Choosing the Right Air Purifier Can Be Tricky

Shopping for an air purifier can be confusing with all the different options out there. Here are some of the biggest struggles people face and how to find the right one.

Air purifiers are devices that help clean the air in your home by removing dust, pollen, smoke, and other pollutants. They can be really helpful for people with allergies, asthma, or other breathing problems.

Getting the Size Right

One of the toughest parts of picking an air purifier is making sure it is the correct size for the room you want to use it in. Air purifiers come in different sizes meant for different room dimensions. If the purifier is too small for your room, it won’t be able to clean all the air effectively. But if it’s too big, it will waste energy and money.

To get the right fit, you need to know the square footage of your room. This is calculated by multiplying the length times the width. For example, if a room is 12 feet long and 10 feet wide, the square footage is 120 square feet (12 x 10 = 120).

You also need to look at the air purifier’s CADR rating to ensure you get the right air changes per hour, or ACH. The higher the ACH, the more air the unit can filter each hour. Purifiers sized for rooms with ACHs between 4-6 are recommended for most homes.

Comparing Filter Types

Another tricky decision is choosing the right filter for your needs. The most common types are HEPA (high efficiency particulate air) filters and activated carbon filters.

HEPA filters are great for removing tiny particles like dust, pollen, pet dander, and smoke from the air. These are a good choice for people with allergies.

Activated carbon filters help absorb odors and gases like those from cooking, smoking, or wildfires. So these can improve indoor air quality by eliminating stale or unpleasant smells.

Many air purifiers come with both types of filters, but others just have one or the other. You’ll want to think about whether you need help more with particles or odors when deciding.

Filter maintenance is another consideration. Most filters need replacing every 6-12 months with regular use. Replacing them on schedule is important to keep the air purifier working well.

Dealing With Noise

One downside of air purifiers is that many of them can be quite noisy, especially on higher fan speed settings. This noise may not bother you much if using it in a basement or living room. But it could be very disruptive if trying to run the purifier in a bedroom while sleeping.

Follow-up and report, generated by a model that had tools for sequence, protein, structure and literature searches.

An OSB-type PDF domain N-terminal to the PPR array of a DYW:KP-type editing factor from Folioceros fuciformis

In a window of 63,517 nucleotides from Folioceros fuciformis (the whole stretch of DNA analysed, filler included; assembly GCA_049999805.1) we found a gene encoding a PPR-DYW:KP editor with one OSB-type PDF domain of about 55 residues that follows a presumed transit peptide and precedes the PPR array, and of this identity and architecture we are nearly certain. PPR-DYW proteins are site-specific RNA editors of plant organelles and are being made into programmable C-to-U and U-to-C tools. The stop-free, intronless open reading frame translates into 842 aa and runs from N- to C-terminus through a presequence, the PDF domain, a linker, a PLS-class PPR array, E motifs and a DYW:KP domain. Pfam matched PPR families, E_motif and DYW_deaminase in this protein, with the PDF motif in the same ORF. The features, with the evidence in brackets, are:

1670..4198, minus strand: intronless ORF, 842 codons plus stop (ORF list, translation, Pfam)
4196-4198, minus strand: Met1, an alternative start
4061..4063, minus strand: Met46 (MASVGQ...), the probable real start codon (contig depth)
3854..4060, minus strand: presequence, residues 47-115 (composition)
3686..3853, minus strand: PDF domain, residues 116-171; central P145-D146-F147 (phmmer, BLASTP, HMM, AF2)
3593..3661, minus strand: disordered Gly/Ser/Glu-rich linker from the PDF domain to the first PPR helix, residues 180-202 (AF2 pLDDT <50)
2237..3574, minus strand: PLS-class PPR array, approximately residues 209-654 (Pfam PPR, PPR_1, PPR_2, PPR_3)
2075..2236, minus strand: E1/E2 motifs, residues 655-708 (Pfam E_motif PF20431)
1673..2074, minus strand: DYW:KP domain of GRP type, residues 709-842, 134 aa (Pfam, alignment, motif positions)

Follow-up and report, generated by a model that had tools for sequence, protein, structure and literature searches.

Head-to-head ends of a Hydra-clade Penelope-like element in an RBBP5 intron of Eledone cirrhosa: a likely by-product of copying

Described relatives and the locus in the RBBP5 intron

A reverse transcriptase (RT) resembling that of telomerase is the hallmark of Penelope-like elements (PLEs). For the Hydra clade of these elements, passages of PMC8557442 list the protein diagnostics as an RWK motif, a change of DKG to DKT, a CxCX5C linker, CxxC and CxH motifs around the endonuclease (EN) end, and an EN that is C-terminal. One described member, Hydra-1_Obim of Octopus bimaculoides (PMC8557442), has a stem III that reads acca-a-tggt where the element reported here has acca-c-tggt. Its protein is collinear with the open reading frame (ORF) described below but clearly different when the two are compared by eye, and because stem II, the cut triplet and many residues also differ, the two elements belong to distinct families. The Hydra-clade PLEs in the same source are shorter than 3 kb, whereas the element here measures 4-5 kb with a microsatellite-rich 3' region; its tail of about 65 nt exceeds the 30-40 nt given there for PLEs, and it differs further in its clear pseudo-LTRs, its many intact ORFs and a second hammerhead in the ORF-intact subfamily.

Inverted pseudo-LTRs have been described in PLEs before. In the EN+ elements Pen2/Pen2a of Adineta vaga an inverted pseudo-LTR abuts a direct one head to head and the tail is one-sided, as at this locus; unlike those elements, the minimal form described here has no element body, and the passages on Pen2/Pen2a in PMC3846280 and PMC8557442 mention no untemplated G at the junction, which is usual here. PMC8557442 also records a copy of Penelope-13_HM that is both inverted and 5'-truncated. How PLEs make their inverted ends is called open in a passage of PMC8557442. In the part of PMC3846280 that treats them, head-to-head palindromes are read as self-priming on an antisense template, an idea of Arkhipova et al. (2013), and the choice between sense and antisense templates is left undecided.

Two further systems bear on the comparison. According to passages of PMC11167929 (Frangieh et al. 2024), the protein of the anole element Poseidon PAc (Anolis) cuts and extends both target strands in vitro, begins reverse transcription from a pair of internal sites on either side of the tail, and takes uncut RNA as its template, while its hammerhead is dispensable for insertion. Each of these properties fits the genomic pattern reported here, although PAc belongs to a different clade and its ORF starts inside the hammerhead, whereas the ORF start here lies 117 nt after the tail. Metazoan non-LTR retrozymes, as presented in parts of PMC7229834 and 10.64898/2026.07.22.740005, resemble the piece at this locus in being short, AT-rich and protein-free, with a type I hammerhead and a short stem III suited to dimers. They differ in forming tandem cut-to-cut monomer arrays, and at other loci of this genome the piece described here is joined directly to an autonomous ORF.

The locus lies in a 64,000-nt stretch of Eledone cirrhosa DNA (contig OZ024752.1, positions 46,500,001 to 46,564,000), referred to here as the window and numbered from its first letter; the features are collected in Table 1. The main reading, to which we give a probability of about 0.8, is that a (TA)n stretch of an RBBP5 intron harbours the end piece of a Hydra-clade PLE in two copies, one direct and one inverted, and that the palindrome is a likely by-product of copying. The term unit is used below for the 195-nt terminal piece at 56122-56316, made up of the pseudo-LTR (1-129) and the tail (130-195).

When shopping, it’s smart to pay attention to the noise rating on purifier models you’re considering. Aim for ones that produce less than 50 decibels on their lower settings if using in a bedroom. Purifiers marketing themselves as “quiet” models can be better options for these situations.

You’ll also want to think about where you plan to position the purifier in a room. Placing it in a corner or behind furniture can help muffle any noise it makes. Just be sure not to block the air intake or outflow vents.

Finding the Right Features

Air purifiers come with all sorts of different bonus features these days. Some connect to WiFi and can be controlled by a smartphone app. Others have air quality sensors that detect particles and turn the fan up automatically when more purification is needed.

Some models even have screens that display your indoor air quality level. And many are Energy Star certified to prove they are energy efficient appliances.

With so many bells and whistles available, it’s easy to get overwhelmed! The key is to focus on which features are truly important to you based on your needs and budget. For example, WiFi connectivity might be a high priority if you want to control the purifier remotely. But you may not need it if you’ll simply set it and forget it.

Budgeting is another challenge, as air purifiers can cost anywhere from $50 to over $1,000. Pricier models tend to have more features and be better quality. But there are good affordable options too if your needs are basic.

Pollutant Targeting

The last major struggle is figuring out if a given purifier can effectively handle the types of pollutants you need to remove from your home’s air. This ties back to the filter types and understanding what different filters capture best.

If you have pets that shed dander, you’ll want a purifier that excels at particle removal with a high-quality HEPA filter. For households with smokers or frequent wildfires in your area, prioritizing an activated carbon filter for odor and smoke removal is wise.

Those with mold allergies may even want to invest in a purifier with specialized filters for capturing mold and fungi spores. Understanding your home’s specific air quality issues can guide you toward the right filtering capabilities.

As you can see, there’s a lot to consider when purchasing an air purifier!

From getting the size right for your room, to weighing different filter options, managing noise levels, reviewing extra features, setting a budget, and targeting the pollutants that most affect you, there’s no one-size-fits-all perfect pick. But taking the time to weigh these key factors will ensure you end up with the best air cleaning solution for your home’s needs.